We were in the middle of a crowded Panera, people scurrying everywhere with hot bowls of soup and huge salads, and we sat in the comfortable chairs beside the fireplace to connect with one another as we each tended to the tasks before us.
We soon became lost in that wonderful rhythm of chat and work, chat and work, chat and…sleep.
I will quickly add that I dozed off in the midst of the work part of that rhythm, and not the chat.
Even so, Alayne decided to capture the moment for later use.
And her friends are still laughing.
I tried to remind her of what my father always says when he’s caught napping like this—that it’s the truest sign of a clear conscience. (And by that equation, Alayne won’t possibly be able to sleep that peacefully for weeks, what with her unfortunate decision to take a picture of her hapless, sleeping husband weighing so heavily on her mind.)
But I knew that a clear conscience wasn’t why I was sleeping.
I fell asleep because I am exhausted.
The “dragging down every bone” kind of exhausted.
That’s what John O’Donohue describes in his blessing called “For One Who Is Exhausted.” He writes,
When the rhythm of the heart becomes hectic,
Time takes on the strain until it breaks;
Then all the unattended stress falls in
On the mind like an endless, increasing weight.
The light in the mind becomes dim.
Things you could take in your stride before
Now become laborsome events of will.
Weariness invades your spirit.
Gravity begins falling inside you,
Dragging down every bone.
I read O’Donohue’s blessing and know it is meant for me. I am the one who is traveling “too fast over false ground,” the one leaving too much within me unattended. And everything keeps falling into my mind with increasing weight, causing everything to become laborsome.
Even the things I love.
Maybe you’ve had it happen to you, but as my mind has been wrestling with these exhausting thoughts, I started seeing the same quote show up everywhere. I finally stopped long enough to hear the words.
“The antidote to exhaustion is not rest, but wholeheartedness.”
The quote is most often attributed to poet David Whyte, but he heard David Steindl-Rast speak these words to him in a conversation they once had.
I hear wisdom in those words, because I know the truth of my exhaustion. It is not from being overworked. I love the gift of being a pastor, the things it allows me to do, and the people with whom I get to share my life. I find great joy in ministry and give thanks for the life it makes possible for me.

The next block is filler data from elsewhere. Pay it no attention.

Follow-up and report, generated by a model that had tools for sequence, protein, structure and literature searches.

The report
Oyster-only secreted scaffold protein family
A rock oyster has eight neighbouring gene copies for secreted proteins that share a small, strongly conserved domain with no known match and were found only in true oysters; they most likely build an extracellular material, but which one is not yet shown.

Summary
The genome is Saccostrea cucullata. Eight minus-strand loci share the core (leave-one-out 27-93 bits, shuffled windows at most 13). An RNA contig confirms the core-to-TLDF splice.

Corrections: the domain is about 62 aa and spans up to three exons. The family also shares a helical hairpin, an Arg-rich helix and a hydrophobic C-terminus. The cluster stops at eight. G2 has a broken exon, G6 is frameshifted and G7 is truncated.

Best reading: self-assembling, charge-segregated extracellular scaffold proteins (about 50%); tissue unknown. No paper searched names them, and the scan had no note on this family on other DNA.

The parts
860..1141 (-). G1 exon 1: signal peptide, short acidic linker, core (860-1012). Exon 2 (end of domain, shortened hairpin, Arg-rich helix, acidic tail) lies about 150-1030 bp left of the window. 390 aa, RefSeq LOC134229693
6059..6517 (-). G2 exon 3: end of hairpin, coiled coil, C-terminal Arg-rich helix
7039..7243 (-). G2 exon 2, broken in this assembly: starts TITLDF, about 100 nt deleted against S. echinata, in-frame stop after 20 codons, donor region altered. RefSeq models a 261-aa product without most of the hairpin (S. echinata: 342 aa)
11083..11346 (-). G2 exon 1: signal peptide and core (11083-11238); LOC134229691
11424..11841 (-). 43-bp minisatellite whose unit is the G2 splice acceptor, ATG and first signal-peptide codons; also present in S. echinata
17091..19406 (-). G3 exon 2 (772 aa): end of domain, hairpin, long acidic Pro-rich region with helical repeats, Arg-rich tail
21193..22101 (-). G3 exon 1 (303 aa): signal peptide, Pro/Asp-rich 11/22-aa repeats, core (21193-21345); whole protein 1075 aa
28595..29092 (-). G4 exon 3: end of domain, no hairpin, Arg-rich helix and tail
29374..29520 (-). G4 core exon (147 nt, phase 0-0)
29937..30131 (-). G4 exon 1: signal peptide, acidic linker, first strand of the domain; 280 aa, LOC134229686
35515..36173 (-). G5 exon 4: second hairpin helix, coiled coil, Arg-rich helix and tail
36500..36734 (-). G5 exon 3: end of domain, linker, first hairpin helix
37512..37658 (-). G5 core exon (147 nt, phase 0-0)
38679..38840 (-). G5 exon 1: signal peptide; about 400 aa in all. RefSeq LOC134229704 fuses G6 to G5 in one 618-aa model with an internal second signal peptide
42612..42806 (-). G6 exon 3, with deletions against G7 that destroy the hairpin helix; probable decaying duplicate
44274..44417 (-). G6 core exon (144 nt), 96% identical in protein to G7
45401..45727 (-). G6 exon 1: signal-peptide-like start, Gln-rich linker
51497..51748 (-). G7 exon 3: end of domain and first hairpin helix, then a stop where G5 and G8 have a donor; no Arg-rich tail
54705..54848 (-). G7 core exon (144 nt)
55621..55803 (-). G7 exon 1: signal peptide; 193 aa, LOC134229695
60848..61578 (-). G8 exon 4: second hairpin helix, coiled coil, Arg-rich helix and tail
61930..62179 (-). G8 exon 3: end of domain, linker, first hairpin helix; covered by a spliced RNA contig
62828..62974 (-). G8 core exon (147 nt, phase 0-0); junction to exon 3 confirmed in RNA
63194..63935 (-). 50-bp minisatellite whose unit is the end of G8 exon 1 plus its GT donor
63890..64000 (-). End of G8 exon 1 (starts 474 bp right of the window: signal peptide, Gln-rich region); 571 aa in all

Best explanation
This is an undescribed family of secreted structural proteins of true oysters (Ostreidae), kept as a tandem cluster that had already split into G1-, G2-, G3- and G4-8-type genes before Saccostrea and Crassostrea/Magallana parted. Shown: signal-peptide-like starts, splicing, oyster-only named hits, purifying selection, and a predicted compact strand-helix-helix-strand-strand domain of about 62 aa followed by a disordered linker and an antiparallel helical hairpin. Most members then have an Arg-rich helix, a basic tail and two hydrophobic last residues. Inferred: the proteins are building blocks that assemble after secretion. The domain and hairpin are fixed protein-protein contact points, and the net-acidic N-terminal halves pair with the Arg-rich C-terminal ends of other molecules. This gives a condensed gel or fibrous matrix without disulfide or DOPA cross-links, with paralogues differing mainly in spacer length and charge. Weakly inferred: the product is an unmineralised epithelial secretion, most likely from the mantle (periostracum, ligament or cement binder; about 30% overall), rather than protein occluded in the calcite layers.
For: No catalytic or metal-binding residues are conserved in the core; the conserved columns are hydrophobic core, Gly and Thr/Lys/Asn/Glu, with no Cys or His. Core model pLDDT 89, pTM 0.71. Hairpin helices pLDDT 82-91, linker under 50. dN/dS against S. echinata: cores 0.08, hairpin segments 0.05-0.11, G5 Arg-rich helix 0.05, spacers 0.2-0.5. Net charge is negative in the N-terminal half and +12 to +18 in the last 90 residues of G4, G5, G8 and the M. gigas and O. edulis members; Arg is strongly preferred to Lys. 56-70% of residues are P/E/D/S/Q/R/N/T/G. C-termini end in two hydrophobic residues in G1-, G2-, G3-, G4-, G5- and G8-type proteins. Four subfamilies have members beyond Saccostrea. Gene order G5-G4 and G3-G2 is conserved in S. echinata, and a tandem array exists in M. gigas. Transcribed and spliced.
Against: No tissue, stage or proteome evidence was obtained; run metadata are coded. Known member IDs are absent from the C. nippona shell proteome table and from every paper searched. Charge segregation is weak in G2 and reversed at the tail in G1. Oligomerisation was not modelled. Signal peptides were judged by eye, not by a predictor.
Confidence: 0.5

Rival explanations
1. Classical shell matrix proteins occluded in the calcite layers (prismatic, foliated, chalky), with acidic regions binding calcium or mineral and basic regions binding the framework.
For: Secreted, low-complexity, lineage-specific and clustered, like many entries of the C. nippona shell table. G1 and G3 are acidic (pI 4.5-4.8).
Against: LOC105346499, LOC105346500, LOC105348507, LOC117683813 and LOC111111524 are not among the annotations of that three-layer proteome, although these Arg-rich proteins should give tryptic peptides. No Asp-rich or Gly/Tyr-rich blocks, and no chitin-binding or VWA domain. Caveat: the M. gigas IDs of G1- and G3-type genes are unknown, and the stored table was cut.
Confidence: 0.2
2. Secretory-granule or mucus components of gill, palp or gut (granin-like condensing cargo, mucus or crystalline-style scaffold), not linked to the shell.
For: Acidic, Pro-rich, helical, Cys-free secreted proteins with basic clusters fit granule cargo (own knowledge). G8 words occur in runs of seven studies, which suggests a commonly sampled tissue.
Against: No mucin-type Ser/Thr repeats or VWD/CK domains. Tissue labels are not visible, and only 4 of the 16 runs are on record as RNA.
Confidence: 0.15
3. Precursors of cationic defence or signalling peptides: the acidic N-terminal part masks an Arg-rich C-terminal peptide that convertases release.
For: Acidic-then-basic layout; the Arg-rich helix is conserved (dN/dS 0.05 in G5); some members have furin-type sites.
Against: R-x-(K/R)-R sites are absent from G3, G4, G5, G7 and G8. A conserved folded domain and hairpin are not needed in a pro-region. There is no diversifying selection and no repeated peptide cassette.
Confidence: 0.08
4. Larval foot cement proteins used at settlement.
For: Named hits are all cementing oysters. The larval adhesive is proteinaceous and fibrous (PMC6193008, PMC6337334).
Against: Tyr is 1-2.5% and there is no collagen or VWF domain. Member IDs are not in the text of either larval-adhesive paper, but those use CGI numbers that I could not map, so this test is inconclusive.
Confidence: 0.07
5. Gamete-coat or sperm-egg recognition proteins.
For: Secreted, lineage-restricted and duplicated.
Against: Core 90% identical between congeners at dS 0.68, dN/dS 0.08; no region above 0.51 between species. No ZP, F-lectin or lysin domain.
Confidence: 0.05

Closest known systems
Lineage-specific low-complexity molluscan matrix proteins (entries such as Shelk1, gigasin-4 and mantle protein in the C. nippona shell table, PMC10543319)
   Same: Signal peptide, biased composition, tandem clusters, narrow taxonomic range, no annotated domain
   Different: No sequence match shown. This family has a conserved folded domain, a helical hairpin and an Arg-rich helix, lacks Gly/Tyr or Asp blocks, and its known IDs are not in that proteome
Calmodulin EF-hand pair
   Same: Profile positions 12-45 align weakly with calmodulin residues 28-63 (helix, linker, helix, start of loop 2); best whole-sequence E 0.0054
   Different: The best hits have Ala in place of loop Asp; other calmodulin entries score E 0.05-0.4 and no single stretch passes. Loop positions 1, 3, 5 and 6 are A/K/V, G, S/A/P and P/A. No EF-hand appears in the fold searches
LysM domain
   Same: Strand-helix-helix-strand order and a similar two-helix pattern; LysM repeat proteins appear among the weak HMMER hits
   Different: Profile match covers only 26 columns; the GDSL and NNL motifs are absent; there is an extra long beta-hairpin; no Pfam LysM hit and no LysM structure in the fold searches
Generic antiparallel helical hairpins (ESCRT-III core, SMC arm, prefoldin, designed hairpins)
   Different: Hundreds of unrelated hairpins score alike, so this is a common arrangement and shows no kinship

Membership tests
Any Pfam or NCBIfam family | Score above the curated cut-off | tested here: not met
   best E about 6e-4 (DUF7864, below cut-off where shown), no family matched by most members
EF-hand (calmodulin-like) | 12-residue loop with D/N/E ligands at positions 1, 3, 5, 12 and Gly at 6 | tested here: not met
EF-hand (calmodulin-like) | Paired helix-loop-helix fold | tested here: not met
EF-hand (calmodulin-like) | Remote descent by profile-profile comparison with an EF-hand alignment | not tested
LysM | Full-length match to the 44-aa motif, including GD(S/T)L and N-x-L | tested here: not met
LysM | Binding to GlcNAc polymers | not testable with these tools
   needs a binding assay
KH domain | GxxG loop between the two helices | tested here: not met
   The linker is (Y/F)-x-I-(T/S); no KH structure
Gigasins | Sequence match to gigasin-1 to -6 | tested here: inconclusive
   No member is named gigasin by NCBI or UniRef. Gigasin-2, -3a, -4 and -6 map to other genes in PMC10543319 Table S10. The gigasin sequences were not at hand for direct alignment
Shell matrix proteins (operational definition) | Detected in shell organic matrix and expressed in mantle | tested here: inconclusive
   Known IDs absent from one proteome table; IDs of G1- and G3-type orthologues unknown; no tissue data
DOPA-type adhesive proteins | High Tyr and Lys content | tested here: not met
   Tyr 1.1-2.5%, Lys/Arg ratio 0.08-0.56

No, my exhaustion stems from forsaking those things which make my heart sing. It is not from doing too much. It is too often choosing to do the wrong things.
Today I long for the rhythm of my heart to find rest in wholeheartedness, in those things that give me life. And I am surprised at how quickly those things spring from my heart when I imagine what they would be. It is as if they were just waiting to finally be heard:
I want to slowly wind along some hidden trail through a canopy of trees, to just keep walking until the trail releases me onto some mountain’s edge, and there to feel the sun on my face and the wind surrounding me as I soak in the goodness of God’s creation.
I want to hold the gift that remains mine of being a child, to just sit and talk with my parents and to thank them for the tender mercies of their care that has carried me from the cradle until now.
I want to notice the ways that my wife grows deeper and stronger each day, to enjoy the fullness of our life as we grow old together.
I want to cherish the moments with my children who grow older with each breath they take, to hold their hearts, if not their hands, and to let them know that I love them and would choose them every time.
I want to sit down at a table with a pen and a pile of paper, and to just write note after note to people who have shared with me so generously over the years some piece of themselves—all the teachers and neighbors and friends and co-workers and coaches who wanted nothing but the best for me, to somehow let them know that I am grateful.
Of course, that’s not an exhaustive list.
I’m hoping I’ll find it’s the opposite.